I am very excited to share with you thoughts about perhaps my very favorite portion in the Torah, Lech L’cha. No matter what is going on in our lives, we can almost always find correlations with characters in this story, namely Abraham. Lech L’cha literally means, “go for yourself.” God calls Abraham to not only go out from his homeland, but to also go for himself to find a new way of living and being. God calls him to adopt a personal God, to worship only God. In return, God promises to bless Abraham and make of him a great nation. Quite a tall order. Imagine being asked to totally give up everything you know, your entire way of life, for a great unknown.  

The great Biblical scholar Rashi interprets Lech L’cha literally as “go to yourself” or “go for yourself.” In this case, Avram (who we know today as Abraham), is standing in a liminal space, having uprooted his family from everything they knew, and facing an incredibly uncertain future. As we read in Gen. 12:1—Go for yourself, to a land that I will show you, we see that Avram was seeking to find his best, most authentic, true self, and had the courage to leave everything he knew in order to do so. A 17th Century Italian Kabbalist believes that this verse is not just singularly addressed to Avram, but rather to every human being. “Search and discover the root of your soul, so that you can fulfill it and restore it to its source, its essence. The more you fulfill yourself, the closer you approach your authentic self. This is the sense of ‘know yourself’: to know your very self so that you can rectify yourself – and I will help you.” 

Today, we as a society are facing our own Lech L’cha moments. Our national and state leaders are choosing paths in which many people staunchly disagree, and feel great discomfort. However, I would like to point out a particular instance years ago when we as a nation were also facing a Lech L’cha moment. At the time, we had a president who often made decisions that many despised, yet in this pivotal instance, he actually chose to work hard to create and repair an awareness and acceptance of members of society with disabilities. For decades of my life, I witnessed these individuals being made to feel less than, unable to participate in society, being made fun of, just for simply being their true, authentic selves. Our nephew (my brother J.T.’s son, now 17) Wyatt, has autism. Just decades ago, I watched him suffer and become victim to the many bureaucracies in schools and other organizations which did not prioritize his care, set goals for him, or have any kind of plan other than just allowing him to just fall through the cracks.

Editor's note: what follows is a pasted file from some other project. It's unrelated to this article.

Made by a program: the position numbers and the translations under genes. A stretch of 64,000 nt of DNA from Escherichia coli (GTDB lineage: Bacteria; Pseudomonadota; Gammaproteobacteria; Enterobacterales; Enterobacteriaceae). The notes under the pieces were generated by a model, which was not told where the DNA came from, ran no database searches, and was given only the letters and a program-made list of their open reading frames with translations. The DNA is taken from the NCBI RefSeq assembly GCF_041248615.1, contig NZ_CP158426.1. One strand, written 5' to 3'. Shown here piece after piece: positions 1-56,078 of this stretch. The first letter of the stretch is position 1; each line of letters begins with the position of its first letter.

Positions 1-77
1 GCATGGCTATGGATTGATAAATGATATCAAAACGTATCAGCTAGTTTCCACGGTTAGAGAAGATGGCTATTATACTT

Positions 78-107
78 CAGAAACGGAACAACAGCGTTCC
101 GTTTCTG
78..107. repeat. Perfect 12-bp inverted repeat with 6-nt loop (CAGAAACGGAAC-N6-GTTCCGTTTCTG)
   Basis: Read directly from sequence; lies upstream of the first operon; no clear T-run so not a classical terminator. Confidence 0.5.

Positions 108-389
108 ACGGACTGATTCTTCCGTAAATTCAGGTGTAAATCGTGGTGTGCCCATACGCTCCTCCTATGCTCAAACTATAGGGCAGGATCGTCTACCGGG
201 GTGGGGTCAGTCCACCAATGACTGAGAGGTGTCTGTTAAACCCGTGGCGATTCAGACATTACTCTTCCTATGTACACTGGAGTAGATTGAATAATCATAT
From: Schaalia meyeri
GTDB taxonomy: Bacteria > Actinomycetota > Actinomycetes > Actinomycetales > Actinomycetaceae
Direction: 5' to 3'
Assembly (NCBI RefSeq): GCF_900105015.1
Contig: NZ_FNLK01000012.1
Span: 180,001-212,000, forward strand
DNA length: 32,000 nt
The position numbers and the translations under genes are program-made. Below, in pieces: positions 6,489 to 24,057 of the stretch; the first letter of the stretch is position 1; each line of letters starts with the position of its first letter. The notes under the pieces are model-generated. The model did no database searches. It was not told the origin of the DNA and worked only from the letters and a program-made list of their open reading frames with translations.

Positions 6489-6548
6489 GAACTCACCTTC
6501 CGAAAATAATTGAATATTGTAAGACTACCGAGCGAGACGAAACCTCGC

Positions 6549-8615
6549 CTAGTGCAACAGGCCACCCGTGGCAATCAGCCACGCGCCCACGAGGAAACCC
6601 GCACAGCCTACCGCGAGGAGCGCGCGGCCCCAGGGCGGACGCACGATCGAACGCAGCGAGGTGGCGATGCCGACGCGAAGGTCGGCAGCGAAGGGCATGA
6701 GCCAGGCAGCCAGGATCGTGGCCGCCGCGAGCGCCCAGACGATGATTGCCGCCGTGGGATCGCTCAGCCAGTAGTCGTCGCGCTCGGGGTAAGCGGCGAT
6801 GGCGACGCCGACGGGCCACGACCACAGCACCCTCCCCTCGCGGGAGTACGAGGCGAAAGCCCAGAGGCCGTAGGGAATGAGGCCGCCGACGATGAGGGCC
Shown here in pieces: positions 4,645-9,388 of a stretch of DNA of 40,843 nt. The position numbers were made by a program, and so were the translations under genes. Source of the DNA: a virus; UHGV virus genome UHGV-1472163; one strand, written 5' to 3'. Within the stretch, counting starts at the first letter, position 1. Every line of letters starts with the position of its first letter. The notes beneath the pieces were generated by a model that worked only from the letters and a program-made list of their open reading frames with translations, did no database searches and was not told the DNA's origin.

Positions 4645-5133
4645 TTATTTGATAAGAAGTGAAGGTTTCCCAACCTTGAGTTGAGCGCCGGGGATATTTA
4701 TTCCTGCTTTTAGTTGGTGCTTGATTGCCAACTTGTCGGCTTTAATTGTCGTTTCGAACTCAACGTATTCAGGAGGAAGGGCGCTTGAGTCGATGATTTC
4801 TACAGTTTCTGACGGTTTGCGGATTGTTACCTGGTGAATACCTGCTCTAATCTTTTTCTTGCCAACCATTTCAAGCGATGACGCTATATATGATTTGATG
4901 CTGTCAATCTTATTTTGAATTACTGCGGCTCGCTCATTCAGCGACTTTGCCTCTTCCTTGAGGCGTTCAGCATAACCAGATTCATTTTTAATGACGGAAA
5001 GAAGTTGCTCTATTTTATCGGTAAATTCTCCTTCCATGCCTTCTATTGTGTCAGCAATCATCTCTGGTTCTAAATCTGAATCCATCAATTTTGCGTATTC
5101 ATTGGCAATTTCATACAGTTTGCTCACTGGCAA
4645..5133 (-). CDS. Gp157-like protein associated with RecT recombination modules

When we were trying to have children, after seeing what they went through, it was my worst nightmare to even think about having an autistic child. However, because of what Ross and I witnessed with our nephew, we knew exactly what to look for, how to advocate, and had decided early on what kind of parents we would be. Regardless of how I will vote on Tuesday, one of my political heroes will always be George HW Bush for his passage of what is known by some as the “Civil Rights Act for People with Disabilities in the U.S.” It essentially says that discrimination may not occur on the basis of functional impairment or any other condition perceived to be a disability. When it was presented to Congress in 1990, it passed the House and Senate by one of the largest majorities ever to pass a bill.  

May we all choose to look at this moment in time as our very own Lech L’cha moment. Let us choose to live in the hope of moments like 1990, and believe that despite differences, and whatever drama or craziness may come out of our political systems, we can trust that there will be some greatness coming down the pike sooner than we might think. 

Here is a recording of my Zev singing Debbie Friedman’s Lechi Lach. When he was diagnosed with autism, I would never have thought it possible. How grateful I am to God for bringing us through that Lech L’cha moment when we learned of his diagnosis, and how grateful I am to have found ways to help him, thanks to people like George HW Bush. May we all find the hope and faith to believe that in liminal moments, even though we may disagree with them most of the time, there will be important moments when our leaders will choose to do something to profoundly help heal the world.